Running Your Android Applications on Your Phone Instead of the Emulator
Now, it’s cool to install your own application on your phone so you can show all your friends, but the best benefit is the fact you also won’t have to deal with the emulator acting like a sloth. You will also be able to test your applications that use the accelerometer (yea, I’m sure there is a way you can on the emulator, but have never taken the time to care). It was fun while it lasted you dirty emulator, but your time has come…
- The first thing you want to do is set your application to debuggable (I don’t know if I have ever done this, but the Android Developers site tells you to, so I’m just going to go with it). So open up the Android Manifest of your project package in Eclipse and you can set it to debuggable two ways:
- Through the Application tab and set Debuggable to true like in this picture:
- Or you can open up the XML of the Manifest can declare it in code by adding
- After you have done that, you will set your phone up to USB Debugging mode, to do that you can either:
- On the device, go to the home screen, press MENU, select Applications > Development, then enable USB debugging.
- Or if you have the Settings option in your list of apps, you can go to Setting > Applications > Development, then enable USB debugging.
- Lastly, you want to make sure you computer recognizes your android phone. This is probably the trickiest part (its not that tricky though), If you have a Mac you won’t have to even worry about this step and you can just skip it all together. As for Windows, you might already be able to run your app on your phone as well, but if not follow this steps:
- Make sure you know where you install the SDK (in the picture you can see it is named android-sdk-windows), if you followed along with my Youtube series to the t, you should have extracted it to the C:/ drive, or whatever you main drive is, here is a picture of what we are looking for:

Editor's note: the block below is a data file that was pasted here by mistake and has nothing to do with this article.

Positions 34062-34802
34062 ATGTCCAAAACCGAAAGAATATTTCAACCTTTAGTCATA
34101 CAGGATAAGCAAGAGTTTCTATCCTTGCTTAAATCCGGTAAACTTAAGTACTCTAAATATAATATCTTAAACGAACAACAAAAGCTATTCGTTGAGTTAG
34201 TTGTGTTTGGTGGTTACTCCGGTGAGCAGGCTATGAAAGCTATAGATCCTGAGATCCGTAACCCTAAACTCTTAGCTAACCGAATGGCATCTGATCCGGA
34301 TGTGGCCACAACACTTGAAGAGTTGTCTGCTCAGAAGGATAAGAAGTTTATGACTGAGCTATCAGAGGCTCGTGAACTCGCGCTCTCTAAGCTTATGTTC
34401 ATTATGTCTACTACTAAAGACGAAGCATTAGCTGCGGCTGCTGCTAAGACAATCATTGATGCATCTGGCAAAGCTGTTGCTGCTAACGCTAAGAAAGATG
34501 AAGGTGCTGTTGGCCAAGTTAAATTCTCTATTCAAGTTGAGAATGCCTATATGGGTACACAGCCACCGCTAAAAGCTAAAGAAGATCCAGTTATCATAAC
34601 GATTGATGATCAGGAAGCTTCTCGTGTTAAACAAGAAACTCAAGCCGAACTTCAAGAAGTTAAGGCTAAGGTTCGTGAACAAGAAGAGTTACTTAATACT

- Once you have located where your SDK is located, start up the command prompt by going to your Windows Start button and typing in “cmd” in the search and hit enter like this:
- That should open up the Command Prompt, now make sure you have your phone plugged into your computer and type something like this (assuming your sdk is in C:/ drive) :
- After you hit Enter, you should see a serial number of some sort and you are good to go.
If you are still have trouble, you may want to try this additional step (because most likely you don’t have the driver you need):
- try to find you specific driver for your phone, but if you can’t find it, just try installing the Google USB Driver (I know it says it’s only for ADP, Nexus One, or Nexus S, but I have been told it works for other devices as well). You want to install the driver from the AVD and SDK Manager in Eclipse, Here is a picture of what you are looking for:
Well, I hope that helps/works for you to start using your phone instead of that dang emulator.
For more information, you can check out the Android developer site, here are a couple of links related to this topic: